Virtue In 'How Should We Then Live'

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"From the most ancient times justice has been a two-part concept: virtue triumphs and vice is punished." Francis A. Schaeffer from How Should We Then Live. In advance to the establishment of this composition, 'virtue' will be defined. Taken from Merriam-Webster.com, 'virtue' is defined as a particular moral excellence, something that is keenly chosen in order to achieve. Ransom became terrified by the detail that he was a sacrifice to the Sorns by his two acquaintances, Weston and Devine, and consequently ran when he became unrestricted from the grasp the men had on him. For months, Ransom was on the run and came upon numerous trials that tried his virtue.
Merely days into his desperate escape from his captors, Ransom approached one of the scarce creatures that populated Malacandra. This first consultation graced Ransom with his primary trial and, depending on the action he executed at this time would consequently dictate the struggle of his endurance on the foreign world. Ransom had three possibilities he could elect in this circumstance, dart away, injure the creature, or attempt to communicate. He decided on the third option presented to him and began his attempts to communicate with the unidentified being. This reveals to be the accurate conclusion as the duo use signs and body language to chat to each other. After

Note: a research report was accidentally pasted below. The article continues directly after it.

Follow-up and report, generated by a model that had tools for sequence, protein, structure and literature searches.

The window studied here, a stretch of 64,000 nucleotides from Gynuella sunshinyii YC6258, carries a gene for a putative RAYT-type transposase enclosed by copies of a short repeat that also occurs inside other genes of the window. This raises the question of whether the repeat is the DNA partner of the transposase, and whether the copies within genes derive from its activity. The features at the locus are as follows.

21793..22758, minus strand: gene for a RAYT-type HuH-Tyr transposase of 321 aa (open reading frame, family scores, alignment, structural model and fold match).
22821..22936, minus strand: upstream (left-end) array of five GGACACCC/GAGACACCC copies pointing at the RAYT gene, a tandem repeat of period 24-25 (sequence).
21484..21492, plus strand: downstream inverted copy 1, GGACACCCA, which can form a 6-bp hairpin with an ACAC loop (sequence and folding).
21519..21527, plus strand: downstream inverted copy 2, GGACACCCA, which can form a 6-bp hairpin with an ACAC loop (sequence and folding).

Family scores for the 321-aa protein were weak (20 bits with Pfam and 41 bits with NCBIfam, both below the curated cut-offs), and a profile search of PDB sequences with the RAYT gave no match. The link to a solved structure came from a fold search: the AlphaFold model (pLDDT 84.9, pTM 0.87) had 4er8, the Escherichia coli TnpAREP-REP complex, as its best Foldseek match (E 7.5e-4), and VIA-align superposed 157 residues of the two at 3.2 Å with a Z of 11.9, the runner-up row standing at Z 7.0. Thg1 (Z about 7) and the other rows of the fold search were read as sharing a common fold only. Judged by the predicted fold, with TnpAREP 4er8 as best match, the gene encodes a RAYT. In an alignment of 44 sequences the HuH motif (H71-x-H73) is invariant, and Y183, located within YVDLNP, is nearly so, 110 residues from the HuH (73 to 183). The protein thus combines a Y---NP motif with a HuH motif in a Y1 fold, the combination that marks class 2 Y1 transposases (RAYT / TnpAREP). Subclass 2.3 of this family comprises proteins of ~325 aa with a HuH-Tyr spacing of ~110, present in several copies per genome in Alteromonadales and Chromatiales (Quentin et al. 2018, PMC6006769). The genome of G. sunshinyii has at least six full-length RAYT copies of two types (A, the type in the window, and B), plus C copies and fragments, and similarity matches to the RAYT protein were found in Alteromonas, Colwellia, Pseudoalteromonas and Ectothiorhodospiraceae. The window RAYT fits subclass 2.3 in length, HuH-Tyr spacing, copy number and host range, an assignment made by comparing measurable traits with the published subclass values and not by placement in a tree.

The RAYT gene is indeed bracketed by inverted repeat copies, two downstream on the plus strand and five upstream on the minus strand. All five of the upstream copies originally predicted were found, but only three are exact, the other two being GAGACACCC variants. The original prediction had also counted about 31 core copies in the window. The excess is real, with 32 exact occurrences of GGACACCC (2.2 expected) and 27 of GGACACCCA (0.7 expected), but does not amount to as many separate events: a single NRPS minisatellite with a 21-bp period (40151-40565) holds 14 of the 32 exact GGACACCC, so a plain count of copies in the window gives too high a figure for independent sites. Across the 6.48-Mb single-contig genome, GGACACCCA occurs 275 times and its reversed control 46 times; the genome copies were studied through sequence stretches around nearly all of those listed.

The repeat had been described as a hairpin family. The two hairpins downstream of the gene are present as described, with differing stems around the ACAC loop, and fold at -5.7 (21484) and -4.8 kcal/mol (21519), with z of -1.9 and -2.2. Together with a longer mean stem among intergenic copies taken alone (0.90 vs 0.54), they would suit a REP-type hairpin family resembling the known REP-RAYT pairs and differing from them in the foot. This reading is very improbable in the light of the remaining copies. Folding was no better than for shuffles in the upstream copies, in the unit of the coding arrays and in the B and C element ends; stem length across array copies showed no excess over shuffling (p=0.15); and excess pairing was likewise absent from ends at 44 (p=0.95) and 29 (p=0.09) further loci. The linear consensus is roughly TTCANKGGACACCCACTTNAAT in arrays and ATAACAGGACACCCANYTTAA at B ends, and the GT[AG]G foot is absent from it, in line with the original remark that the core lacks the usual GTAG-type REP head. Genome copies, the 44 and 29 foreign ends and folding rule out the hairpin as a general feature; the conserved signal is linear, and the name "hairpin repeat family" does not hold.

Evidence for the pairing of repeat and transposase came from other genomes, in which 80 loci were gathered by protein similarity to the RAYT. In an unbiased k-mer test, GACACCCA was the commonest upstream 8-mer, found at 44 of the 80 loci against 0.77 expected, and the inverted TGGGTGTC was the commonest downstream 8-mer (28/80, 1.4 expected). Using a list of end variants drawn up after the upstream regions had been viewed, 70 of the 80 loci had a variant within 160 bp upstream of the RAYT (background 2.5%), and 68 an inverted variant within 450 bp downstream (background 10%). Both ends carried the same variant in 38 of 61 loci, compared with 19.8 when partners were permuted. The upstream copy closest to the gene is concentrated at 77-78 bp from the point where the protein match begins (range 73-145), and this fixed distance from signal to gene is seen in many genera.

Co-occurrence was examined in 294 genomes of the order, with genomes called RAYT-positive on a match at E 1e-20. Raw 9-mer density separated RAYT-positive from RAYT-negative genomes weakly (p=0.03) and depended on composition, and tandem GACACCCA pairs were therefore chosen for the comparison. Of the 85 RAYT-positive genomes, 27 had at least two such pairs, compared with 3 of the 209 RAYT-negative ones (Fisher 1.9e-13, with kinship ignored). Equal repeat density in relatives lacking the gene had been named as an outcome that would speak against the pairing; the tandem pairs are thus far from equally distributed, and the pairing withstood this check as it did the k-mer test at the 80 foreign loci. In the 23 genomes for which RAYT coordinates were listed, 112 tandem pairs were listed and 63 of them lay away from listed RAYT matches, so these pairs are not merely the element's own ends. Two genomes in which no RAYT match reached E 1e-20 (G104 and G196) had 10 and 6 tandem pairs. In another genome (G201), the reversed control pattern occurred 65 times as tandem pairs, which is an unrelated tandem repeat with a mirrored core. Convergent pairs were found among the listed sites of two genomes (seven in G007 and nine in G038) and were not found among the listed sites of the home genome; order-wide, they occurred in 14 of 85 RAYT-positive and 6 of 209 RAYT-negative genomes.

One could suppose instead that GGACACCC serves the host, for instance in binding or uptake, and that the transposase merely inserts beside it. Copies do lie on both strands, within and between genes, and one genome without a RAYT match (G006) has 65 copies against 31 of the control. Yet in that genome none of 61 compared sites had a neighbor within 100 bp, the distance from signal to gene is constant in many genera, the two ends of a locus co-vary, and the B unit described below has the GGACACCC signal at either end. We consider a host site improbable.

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Ransom proceeded to declare, "Love of our own kind, is not the greatest of laws, but you, Oyarsa have said it is a law. If I cannot live in Thulcandra, it is better for me not to live at all." Oyarsa concludes that this is the superlative resolution for Ransom to fabricate and, before Ransom's departure, replied, "You are guilty of no evil, Ransom of Thulcandra, except a little fearfulness. For that, the journey you go on is your pain and perhaps your

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